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Master Course for Fluid Simulation Analysis of Multi-phase Flows by Oka-san 18

Solidification/melting analysis II

This section continues to explain solidification/melting analysis. The flow of the liquid phase in solid-liquid coexistent state is affected by the volume fraction of the solid phase (solid phase rate). In other words, the liquid phase has difficulty flowing with higher solid phase rate. If the solid-fluid interface is smooth as in the case where ice is melted by water, modeling of a fluid element is possible by analyzing it only with the temperature and the solid phase rate, with the solid phase rate of the fluid element equal to or larger than the liquid limit solid phase rate and the pressure and the speed 0 as shown in Figure 1. The liquid limit solid phase rate varies depending on the target, however, 0.7 to 0.9 may be appropriate. Figure 2 shows the speed vectors of an analysis example in which ice adhering around a solid matter is melted by running water. The fluid elements are shown with grids, and the speed vector of fixed length is shown for each element. For this analysis example, modeling with a liquid limit solid phase rate (0.9) is applied. As shown in Figure 2, the speed vectors are formed along the region with the solid phase rate of 0.9 or more.

Modeling with liquid limit solid phase rate
Figure 1: Modeling with liquid limit solid phase rate

Speed vectors of analysis example
Figure 2: Speed vectors of analysis example

Here is an analysis example. Thawing of a frozen block by running water is analyzed. Marine products, etc. are transported in frozen blocks to be kept fresh. One of the thawing methods of frozen blocks is thawing by running water. Its advantage is that frozen blocks can be thawed in a short time, however, if they are thawed completely, water may drip to cause degradation of marine products, etc. Therefore, it is important to thaw by running water until the frozen blocks are thawed partially, not completely.

Figure 3 shows a frozen block (length of 266 mm, width of 170 mm, height of 50 mm) that contains 18 pieces of marine products (9 pieces in each row). The material properties of the marine products are as follows: density 900 kg/m3 , specific heat of 2000 J/(kgK), and thermal conductivity of 1.40 W/(m·K). Transient analysis is conducted, assuming that the initial temperature of the frozen block including marine products is -20°C and water of 4° C runs at the speed of 50 mm/s for 20 minutes. The liquid limit solid phase rate is 0.9.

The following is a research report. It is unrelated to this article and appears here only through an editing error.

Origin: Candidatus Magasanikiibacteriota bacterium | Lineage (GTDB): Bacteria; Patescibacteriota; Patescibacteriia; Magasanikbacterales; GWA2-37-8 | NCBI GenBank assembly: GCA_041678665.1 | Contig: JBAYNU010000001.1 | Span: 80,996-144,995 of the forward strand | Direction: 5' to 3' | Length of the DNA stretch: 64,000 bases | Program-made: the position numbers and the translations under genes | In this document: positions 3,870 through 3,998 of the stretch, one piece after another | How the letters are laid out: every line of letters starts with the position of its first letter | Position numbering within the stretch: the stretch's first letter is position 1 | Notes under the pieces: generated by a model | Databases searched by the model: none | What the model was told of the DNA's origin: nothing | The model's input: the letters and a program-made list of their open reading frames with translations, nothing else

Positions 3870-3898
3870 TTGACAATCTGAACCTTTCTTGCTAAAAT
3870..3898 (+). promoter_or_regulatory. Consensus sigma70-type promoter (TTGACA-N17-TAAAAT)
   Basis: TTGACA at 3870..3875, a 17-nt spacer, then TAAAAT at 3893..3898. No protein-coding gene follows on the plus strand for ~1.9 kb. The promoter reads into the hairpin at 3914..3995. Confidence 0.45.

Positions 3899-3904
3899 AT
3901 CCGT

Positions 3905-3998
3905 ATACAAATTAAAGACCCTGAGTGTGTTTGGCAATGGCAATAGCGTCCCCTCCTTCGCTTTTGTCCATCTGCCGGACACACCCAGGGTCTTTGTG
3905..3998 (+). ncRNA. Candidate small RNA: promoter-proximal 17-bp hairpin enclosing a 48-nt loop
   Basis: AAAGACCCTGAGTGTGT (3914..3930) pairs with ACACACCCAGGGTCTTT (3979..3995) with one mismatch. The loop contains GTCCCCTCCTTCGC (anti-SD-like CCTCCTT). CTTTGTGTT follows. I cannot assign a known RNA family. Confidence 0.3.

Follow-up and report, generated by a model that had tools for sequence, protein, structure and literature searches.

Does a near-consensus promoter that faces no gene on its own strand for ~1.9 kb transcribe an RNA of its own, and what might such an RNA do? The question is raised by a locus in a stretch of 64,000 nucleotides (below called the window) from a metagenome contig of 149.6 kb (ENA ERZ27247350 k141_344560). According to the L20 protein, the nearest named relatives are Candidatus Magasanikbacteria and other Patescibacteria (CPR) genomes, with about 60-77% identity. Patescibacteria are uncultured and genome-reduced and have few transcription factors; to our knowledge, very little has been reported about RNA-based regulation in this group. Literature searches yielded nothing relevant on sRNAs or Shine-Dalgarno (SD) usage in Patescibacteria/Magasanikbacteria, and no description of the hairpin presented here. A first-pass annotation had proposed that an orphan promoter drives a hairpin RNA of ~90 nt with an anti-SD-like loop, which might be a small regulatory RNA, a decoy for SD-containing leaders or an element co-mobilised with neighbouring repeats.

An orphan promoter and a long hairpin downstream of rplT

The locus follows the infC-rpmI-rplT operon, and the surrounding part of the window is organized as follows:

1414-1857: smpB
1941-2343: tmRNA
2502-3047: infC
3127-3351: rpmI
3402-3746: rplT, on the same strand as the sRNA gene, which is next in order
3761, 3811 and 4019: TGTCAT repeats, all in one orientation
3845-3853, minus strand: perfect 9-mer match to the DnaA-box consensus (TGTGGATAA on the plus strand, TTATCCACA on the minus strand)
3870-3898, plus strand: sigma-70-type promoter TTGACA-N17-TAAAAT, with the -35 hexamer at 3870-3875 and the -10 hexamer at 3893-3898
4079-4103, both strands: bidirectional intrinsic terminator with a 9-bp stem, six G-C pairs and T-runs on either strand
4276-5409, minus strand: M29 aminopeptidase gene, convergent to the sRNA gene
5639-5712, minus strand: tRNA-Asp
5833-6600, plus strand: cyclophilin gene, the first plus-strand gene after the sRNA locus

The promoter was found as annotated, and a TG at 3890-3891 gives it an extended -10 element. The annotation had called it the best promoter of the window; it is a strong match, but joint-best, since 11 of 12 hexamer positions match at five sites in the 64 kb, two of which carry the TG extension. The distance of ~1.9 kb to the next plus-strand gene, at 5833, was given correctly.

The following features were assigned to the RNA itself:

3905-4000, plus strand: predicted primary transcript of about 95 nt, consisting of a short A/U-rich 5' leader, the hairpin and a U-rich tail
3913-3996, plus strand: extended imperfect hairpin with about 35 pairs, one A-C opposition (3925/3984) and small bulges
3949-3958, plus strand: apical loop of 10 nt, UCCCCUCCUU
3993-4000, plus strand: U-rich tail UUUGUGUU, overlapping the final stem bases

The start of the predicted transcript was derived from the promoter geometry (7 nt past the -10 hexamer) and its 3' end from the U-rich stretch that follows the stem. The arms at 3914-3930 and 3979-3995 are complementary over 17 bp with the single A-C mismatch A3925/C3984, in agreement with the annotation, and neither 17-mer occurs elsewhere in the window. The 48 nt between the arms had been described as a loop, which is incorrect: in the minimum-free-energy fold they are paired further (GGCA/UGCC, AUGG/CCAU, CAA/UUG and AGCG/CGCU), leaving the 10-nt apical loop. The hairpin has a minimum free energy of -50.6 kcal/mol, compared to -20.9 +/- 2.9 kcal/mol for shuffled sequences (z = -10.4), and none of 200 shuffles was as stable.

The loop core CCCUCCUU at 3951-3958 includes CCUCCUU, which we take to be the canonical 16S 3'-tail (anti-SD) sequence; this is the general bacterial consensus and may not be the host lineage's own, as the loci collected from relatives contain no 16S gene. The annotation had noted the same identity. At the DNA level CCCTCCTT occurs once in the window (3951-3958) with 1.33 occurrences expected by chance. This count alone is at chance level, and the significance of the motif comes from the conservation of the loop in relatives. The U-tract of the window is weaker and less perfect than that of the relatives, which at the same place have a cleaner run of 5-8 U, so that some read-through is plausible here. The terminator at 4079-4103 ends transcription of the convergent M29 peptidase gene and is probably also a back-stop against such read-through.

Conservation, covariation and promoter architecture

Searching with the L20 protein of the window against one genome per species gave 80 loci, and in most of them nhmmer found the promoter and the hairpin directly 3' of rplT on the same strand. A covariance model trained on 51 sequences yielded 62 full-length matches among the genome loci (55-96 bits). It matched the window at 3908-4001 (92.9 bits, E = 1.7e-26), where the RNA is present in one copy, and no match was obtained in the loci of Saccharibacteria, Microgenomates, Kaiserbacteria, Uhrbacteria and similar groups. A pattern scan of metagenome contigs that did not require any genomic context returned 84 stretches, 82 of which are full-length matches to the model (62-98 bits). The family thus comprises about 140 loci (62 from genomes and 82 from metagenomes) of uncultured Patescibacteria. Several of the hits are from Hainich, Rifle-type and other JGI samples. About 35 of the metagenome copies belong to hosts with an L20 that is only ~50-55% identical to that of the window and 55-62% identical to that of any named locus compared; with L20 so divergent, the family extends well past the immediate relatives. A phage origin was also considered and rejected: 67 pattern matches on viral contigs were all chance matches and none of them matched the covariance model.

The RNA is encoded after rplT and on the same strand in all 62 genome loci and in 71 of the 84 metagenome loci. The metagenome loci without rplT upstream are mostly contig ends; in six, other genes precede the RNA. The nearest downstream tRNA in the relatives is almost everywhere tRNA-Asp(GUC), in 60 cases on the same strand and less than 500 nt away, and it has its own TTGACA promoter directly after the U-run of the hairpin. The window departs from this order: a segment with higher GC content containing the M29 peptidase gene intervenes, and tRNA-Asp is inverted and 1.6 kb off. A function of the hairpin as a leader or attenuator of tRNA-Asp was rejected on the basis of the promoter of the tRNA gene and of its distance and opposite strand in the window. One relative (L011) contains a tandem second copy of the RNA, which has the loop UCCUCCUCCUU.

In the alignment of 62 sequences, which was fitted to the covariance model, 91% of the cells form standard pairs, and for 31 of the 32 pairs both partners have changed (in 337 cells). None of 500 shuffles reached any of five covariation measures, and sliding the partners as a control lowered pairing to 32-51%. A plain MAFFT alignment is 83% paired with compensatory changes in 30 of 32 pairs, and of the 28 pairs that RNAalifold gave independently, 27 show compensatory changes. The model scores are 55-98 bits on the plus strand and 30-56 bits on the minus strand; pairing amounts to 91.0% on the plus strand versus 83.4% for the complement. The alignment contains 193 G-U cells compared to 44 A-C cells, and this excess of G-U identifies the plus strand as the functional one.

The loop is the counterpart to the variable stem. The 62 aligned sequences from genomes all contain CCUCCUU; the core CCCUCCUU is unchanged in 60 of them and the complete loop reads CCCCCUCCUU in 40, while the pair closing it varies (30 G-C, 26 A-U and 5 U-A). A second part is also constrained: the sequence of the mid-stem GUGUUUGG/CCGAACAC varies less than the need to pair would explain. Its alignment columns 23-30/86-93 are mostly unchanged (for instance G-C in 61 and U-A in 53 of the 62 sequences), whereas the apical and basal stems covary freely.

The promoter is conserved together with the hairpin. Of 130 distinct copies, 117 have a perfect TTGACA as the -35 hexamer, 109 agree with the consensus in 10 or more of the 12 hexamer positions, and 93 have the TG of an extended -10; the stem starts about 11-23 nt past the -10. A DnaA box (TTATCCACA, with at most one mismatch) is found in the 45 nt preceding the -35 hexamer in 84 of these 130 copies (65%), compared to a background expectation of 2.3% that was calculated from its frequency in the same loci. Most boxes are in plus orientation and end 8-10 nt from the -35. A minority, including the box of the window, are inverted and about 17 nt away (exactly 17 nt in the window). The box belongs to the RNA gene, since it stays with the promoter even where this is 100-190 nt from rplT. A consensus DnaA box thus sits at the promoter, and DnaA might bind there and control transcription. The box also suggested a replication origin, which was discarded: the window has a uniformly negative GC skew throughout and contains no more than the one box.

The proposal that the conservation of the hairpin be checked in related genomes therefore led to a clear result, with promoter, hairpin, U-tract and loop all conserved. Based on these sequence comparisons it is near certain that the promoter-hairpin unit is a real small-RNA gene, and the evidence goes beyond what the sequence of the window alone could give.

Frozen block
Figure 3: Frozen block

Figure 4 shows the sectional temperature change of the marine products in the upper row, and Figure 5 shows the isosurface change with a solid phase rate of 0.5. It shows that the entire marine products are thawed by water running for 20 minutes. However, the sectional temperature change shows that the temperature at end of marine products is almost 4° C, which indicates that the products are no longer partially thawed.


Figure 4: Sectional temperature change of marine products


Figure 5: Isosurface change of solid phase rate

Next, transient analysis is conducted with water of 4° C running at the speed of 25 mm/s for 20 minutes. Figure 6 shows the sectional temperature change of the marine products in the upper row, and Figure 7 shows the isosurface change with a solid phase rate of 0.5. The sectional temperature change shows that the temperature of the marine products except for the front one is 0° C, which means most of them are partially thawed. It means that the marine products can be thawed in a short time without drip of water if they are taken out of the running water at this time and left to be thawed naturally.

The times in animation in Figures 4 to 7 are accelerated by 20 times. The next section will explain solidification/melting analysis continuously.


Figure 6: Sectional temperature change of marine products (with running water speed changed)


Figure 7: Isosurface change of solid phase rate (with running water speed changed)

< 17. Solidification/melting analysis I 19. Solidification/melting analysis II >
author
About the Author
Katsutaka Okamori | Born in October 1966, Tokyo, Japan
He attained a master’s degree in Applied Chemistry from Keio University. As a certified Grade 1 engineer (JSME certification) specializing in multi-phase flow evaluation, Okamori contributed to CFD program development while at Nippon Sanso (currently TAIYO NIPPON SANSO CORPORATION). He also has experience providing technical sales support for commercial software, and technical CFD support for product design and development groups at major manufacturing firms. Okamori now works as a sales engineer at Software Cradle.

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